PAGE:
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EMOND v. STATE FARM MUTUAL AUTOMOBILE INSURANCE COMPANY.
70063.
CARLEY, Judge.
Action on policy. Cobb State Court. Before Judge McDuff.
The facts relevant to this appeal are as follows: Appellant-plaintiff was injured in an automobile collision in 1979. Appellant was insured by appellee-defendant. Although the policy specifically purported to provide only basic PIP coverage, appellant had "the right to demand and receive the benefit of $50,000 [optional PIP] coverage upon [her] tender . . . of such additional premium as may be due and filing of proof of loss. . . ." Flewellen v. Atlanta Cas. Co., 250 Ga. 709, 712 (300 SE2d 673) (1983). However, since Jones v. State Farm Mut. Auto. Ins. Co., 156 Ga. App. 230 (274 SE2d 623) (1980) and Flewellen v. Atlanta Cas. Co., supra, had yet to be decided at the time, appellant received only her $5,000 basic PIP benefits. Appellant's policy with appellee also provided $5,000 medical payment coverage for the "payment of medical expenses incurred for services furnished within one year from the date of-the accident." The policy also provided that medical payment coverage "shall be excess insurance over any Personal Injury Protection benefits paid or payable under this or any other automobile insurance policy because of bodily injury sustained by an eligible injured person." After appellant was paid $5,000 in basic PIP benefits, she was paid the full $5,000 of her excess medical payment benefits.
Subsequent to the decision in Flewellen v. Atlanta Cas. Co., supra, appellant paid a premium for $50,000 optional PIP coverage. Appellee agreed that appellant was entitled to that coverage. Appellee, having already paid $10,000 of appellant's claims in the form of $5,000 basic PIP and $5,000 excess medical payments, paid $40,000 more, bringing its total payments to $50,000. Appellant then submitted a claim for medical expenses, all of which she had incurred more than one year after the collision. Appellee refused to pay this claim.
Appellant then instituted the instant civil action against appellee. Under the allegations of the complaint, appellant asserted that she had been paid only $45,000 in PIP benefits and that she was entitled to an additional $5,000 in such benefits. Appellee answered, and among its other defenses, asserted that appellant "has been paid all benefits available under [the] terms of the applicable policy."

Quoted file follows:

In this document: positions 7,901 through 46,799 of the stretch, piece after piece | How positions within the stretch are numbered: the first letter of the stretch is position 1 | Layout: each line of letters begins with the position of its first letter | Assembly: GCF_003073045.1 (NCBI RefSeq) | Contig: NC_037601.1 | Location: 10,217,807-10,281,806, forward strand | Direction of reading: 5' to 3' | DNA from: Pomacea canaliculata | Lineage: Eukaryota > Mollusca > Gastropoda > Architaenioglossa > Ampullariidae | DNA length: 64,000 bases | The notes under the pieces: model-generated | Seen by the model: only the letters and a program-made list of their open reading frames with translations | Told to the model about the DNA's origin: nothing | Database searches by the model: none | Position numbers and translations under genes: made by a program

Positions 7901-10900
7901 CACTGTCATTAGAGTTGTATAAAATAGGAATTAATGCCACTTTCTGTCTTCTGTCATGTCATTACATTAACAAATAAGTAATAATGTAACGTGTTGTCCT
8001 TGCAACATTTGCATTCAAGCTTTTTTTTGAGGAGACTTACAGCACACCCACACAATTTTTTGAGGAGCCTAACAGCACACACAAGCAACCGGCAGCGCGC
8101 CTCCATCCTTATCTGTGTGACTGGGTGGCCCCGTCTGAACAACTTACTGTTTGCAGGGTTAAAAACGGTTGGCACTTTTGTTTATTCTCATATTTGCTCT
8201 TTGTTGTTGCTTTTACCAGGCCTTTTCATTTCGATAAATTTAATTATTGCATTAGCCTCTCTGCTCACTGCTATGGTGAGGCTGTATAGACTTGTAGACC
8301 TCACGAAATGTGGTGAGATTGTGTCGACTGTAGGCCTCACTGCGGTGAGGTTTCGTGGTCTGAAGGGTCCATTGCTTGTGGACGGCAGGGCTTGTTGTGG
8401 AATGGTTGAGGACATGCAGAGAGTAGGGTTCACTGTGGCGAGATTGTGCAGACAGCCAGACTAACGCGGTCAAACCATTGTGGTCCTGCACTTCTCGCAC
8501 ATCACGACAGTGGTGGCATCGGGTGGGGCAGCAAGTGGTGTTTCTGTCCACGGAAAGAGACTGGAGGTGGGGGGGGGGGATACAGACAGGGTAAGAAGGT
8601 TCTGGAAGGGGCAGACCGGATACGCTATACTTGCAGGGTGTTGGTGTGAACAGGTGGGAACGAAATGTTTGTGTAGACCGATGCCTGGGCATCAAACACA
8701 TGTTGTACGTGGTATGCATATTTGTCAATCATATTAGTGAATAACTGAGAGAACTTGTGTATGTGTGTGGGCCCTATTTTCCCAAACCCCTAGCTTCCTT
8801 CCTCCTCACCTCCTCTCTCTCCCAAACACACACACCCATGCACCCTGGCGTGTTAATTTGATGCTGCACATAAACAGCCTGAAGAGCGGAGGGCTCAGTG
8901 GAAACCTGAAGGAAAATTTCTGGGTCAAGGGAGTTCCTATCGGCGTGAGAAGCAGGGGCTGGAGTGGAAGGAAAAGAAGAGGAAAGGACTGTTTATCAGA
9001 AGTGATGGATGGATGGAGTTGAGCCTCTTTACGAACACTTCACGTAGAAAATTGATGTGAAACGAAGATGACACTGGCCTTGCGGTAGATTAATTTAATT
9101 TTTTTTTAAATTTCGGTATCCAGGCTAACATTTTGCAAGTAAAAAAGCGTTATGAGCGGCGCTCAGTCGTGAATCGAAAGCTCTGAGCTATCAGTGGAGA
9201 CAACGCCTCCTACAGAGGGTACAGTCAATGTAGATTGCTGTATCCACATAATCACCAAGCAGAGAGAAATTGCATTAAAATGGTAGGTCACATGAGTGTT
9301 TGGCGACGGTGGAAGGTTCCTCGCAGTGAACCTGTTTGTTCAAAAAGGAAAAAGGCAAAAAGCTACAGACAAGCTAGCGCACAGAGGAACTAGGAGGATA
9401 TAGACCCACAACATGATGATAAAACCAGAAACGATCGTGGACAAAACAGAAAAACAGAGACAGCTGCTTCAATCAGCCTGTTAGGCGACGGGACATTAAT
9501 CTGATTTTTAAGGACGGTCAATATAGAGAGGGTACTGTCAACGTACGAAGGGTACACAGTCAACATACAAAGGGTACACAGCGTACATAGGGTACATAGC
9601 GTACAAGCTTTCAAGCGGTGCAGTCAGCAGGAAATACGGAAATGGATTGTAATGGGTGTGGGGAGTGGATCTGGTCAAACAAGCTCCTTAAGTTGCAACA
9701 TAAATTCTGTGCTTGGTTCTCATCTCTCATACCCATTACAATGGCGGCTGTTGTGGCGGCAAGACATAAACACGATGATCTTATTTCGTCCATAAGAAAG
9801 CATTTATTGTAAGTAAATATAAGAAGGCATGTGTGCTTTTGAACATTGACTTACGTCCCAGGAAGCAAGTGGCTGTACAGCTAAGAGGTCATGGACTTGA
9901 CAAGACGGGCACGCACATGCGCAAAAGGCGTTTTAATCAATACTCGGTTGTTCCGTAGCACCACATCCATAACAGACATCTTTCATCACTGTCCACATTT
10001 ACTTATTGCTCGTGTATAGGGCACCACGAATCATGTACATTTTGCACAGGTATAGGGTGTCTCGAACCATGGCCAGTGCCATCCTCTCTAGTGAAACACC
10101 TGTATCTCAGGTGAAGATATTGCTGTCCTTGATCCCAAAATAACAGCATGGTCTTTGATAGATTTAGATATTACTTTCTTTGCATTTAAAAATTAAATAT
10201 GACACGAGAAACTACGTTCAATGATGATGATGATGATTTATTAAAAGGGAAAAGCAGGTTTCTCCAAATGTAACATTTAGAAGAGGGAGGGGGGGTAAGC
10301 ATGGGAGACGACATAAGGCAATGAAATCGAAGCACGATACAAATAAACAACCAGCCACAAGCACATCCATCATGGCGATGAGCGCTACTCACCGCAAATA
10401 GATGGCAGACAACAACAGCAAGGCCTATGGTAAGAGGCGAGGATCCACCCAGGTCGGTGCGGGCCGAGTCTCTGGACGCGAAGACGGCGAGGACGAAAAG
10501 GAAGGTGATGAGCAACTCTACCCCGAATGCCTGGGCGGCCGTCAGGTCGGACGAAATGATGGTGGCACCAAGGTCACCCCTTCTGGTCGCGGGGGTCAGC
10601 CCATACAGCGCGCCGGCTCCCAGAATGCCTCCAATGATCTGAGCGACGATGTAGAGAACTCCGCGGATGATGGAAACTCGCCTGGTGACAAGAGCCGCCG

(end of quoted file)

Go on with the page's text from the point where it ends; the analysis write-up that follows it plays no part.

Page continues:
Cross motions for summary judgment were filed. The trial court concluded that the $5,000 that had originally been paid to appellant under the excess medical payment coverage of the policy should, as the result of appellant's subsequent invocation of Flewellen v. Atlanta Cas. Co., supra, be reallocated so as to be considered as payment under her optional PIP coverage. Thus, rather than $45,000 in PIP benefits and $5,000 in excess medical payment benefits, the trial court determined that $50,000 in PIP benefits had already been paid to appellant. The trial court further concluded that appellant would not be afforded excess medical payment coverage under the terms of the policy until her full $50,000 in PIP benefits had first been exhausted. The trial court's final conclusion was that appellant was not entitled to any additional benefits for her medical expenses under the policy. According to the trial court's analysis, appellant was not entitled to recover pursuant to the PIP coverage, which had already been exhausted at $50,000, or pursuant to her excess medical payment coverage, which required that medical expenses be incurred within one year of the collision. Summary judgment was granted in favor of appellee. Appellant's motion for summary judgment was denied. Appellant appeals, asserting that appellee was erroneously granted summary judgment and that she was erroneously denied partial summary judgment as to liability for the $5,000 in additional benefits.
1. The trial court was correct in holding that appellant was not entitled to excess medical payment benefits under the terms of her policy until her full $50,000 in PIP benefits had first been exhausted. Hall v. State Farm Mut. Auto. Ins. Co., 254 Ga. 633 (331 SE2d 530) (1985).